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Rhubarb, aspargus and... ???

Posted by homegroan 3a (My Page) on
Thu, May 30, 13 at 16:09

We recently relocated to northern MN (zone 3a) , and the long wait for spring is finally over. I "inherited" a small garden patch about 10x18 ft that has some rhubarb and asparagus in it. (The other garden plot has a fence to keep deer out.) My nice neighbor said the deer don't bother the rhubarb and asparagus. There are also a couple of other plants she said are garlic.

Does anyone have info on some other veggies I can grow in the area without the deer fence?

Also, any tips on caring for the rhubarb and asparagus would be greatly appreciated. Thanks :)

Follow-Up Postings:

RE: Rhubarb, aspargus and... ???

Just get a few Niteguards from the pheasant farm in Princeton.

Here is a link that might be useful: Nite guards

RE: Rhubarb, aspargus and... ???

The deer will avoid rhubarb but they love asparagus. Once they find your asparagus, they will definitely be back for more as it comes up. Mine doesn't stand a chance without protection. Onions, and maybe radishes are the only other vegie that are safe for me.

Other items that need deer fence for protection: blueberries, sour cherries (both bushes and trees), plums, and apples.

Raspberries, will get pruned by the deer, but not extensively.

RE: Rhubarb, aspargus and... ???

Major deer problems in my area. Finally had enough and installed an electric fence around one of the main gardens.

Never seen deer damage on my tomato or potato plants but they will chew down peppers, bush beans, pole beans, peas, cowpeas, soybeans, cabbage, cauli, broccoli. Also never seen damage to any root vegetables such as carrot, beet, parsnip, turnip, rutabaga, which I find very surprising. As mentioned previously, I also have never seen damage done to alliums.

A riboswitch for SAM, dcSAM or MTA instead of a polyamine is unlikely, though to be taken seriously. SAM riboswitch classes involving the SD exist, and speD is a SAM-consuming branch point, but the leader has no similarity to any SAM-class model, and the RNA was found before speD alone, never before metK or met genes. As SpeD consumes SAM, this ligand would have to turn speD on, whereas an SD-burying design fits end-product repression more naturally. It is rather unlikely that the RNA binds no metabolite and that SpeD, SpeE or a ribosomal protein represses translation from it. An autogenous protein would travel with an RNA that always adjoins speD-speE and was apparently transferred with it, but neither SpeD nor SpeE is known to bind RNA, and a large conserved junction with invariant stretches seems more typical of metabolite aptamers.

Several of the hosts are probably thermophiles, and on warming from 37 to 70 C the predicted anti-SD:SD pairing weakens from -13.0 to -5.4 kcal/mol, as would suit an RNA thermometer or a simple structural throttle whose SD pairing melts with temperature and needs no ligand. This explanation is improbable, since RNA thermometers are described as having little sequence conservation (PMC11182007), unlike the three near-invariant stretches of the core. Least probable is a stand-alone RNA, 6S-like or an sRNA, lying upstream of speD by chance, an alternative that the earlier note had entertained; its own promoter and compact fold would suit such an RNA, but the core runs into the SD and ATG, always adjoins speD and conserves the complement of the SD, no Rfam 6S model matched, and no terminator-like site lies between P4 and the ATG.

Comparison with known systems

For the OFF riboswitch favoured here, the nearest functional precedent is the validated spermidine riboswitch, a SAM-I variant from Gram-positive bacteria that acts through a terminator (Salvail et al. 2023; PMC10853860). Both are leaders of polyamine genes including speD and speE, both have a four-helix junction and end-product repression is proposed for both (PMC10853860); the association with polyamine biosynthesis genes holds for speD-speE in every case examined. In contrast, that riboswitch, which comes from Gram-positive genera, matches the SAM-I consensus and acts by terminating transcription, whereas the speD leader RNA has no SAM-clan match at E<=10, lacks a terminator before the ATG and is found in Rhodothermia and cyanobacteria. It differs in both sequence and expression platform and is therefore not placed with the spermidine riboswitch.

Regarding asparagus, I strongly recommend that you do not put salt down in the bed to control weeds as is a common practice - it will attract deer like a magnet by turning your bed into a salt lick, and they will absolutely destroy it. It will also increase deer traffic by creating something they really desire - that is the last thing you want to do.

RE: Rhubarb, aspargus and... ???

Most of my tomatoes are in a fenced in area with my fruit garden. However,we planted two tomato plants in large pots to have them near the house on the concrete driveway for quick, easy picking later in the year. The very 1st night, before I caged them, deer ate them all the way down to a 5" stem. Fortunately, I had some replacement back-ups.

They have eaten my potato plants in several past years. As Tom said, Peppers are a favorite of deer. I'm sure they actually become giddy if they find an unguarded pepper plant.

Turnip and parsnips are definitely favorites as well because these are common seeds in deer plot mixes that deer hunter plant to attract deer to their hunting location.

I've never used salt around my asparagus. Deer love it even without seasoning. Once it gets past about 24" to 30" the deer will leave it alone.

Basically, the higher the deer density, the more extensive their diet will be for garden plants.... and the bolder they will become to get them.

I think that I may have a good year for blueberries. Total of 36 bushes with lots of blossoms. My fence will keep the deer out, but I may have to add an electric fence as well to stop the black bear in the area.

RE: Rhubarb, aspargus and... ???

northernmn - you are definitely right about deer density - higher populations puts pressure on food sources so they are forced to move into any feeding opportunity. Fairly low population density around here is probably why my root veggies have never been touched. Last summer had a doe with two fawns living here - they did terrible damage.

Black bear? Glad I do not have to deal with them on top of all the other gardening woes. I would fight them hand to paw in order to protect my blueberry bed if I had one. LOL

Wild turkey are a huge problem for friends in the river bottom but are not an issue for me - yet. Last year I saw a flock three miles away. Always keeping an eye open for them...

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